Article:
- Alcohol addiction too heightens the risk.
- People with diabetes lung infections and liver disorders are also more at greater risk
- Being bitten by animals or having an injury very close to a joint are other risk factors.
- Having more than one of the aforementioned risk factors further increases the threat of infection.
Septic arthritis can worsen very quickly and cause irreversible damage to the joint, hence timely treatment is of the essence. The common symptoms include:
- Pain, inflammation and resistance felt while moving the joint, are common indicators of the condition.
- This might be accompanied by fever and tiredness.
- The pain felt with septic arthritis is more severe than normal arthritis.
Consult a doctor immediately if the onset of pain is sudden and severe. In the case of people who have undergone joint replacement, any joint pain in the prosthetic warrants a check-up.
- The doctor will conduct a detailed physical examination and will also review the person’s medical history.
- This will be followed by blood tests to check for bacterial presence.
- The synovial fluid around the joint will be drawn using a needle and analyzed.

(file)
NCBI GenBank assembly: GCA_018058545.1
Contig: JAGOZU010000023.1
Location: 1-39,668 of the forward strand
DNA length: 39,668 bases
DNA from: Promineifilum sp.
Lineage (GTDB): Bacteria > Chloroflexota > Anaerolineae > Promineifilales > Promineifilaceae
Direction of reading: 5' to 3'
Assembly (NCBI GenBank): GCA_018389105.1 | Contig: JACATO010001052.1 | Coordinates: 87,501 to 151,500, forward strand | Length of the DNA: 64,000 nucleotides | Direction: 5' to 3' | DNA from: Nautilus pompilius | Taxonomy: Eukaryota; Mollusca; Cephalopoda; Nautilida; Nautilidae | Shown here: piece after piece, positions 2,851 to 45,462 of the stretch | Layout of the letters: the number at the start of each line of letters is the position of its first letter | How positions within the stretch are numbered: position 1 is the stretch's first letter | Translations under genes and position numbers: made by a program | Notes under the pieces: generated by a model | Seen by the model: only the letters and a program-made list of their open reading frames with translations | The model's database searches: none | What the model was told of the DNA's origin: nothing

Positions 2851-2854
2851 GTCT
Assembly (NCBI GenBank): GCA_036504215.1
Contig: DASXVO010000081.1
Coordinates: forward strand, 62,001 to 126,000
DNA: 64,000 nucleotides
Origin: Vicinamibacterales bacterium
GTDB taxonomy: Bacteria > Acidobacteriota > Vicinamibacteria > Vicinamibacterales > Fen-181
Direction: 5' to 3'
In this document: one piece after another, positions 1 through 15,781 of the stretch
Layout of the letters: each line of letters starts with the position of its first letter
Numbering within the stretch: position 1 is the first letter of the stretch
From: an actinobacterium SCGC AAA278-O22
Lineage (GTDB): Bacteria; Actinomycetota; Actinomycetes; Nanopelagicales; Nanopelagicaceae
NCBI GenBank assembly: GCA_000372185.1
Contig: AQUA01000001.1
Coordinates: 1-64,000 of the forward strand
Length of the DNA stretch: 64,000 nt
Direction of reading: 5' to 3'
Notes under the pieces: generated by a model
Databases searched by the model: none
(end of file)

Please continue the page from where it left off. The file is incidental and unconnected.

- In the case of septic arthritis, there will be changes in the colour, thickness and other attributes of the fluid which will aid in diagnosis.
- Laboratory testing of the fluid involves checking for an increased white blood cell count. It will also help identify the bacteria responsible for the condition. Once identified, appropriate medication can be given for treatment.
- X-rays might also be done to check the extent of joint damage.
- The condition will be treated by draining the fluid which is key to containing the infection and preventing its spread.
- A procedure called joint aspiration will be done wherein the fluid will be removed from the infected joint via a needle and syringe. This procedure might have to be repeated to drain the fluid completely.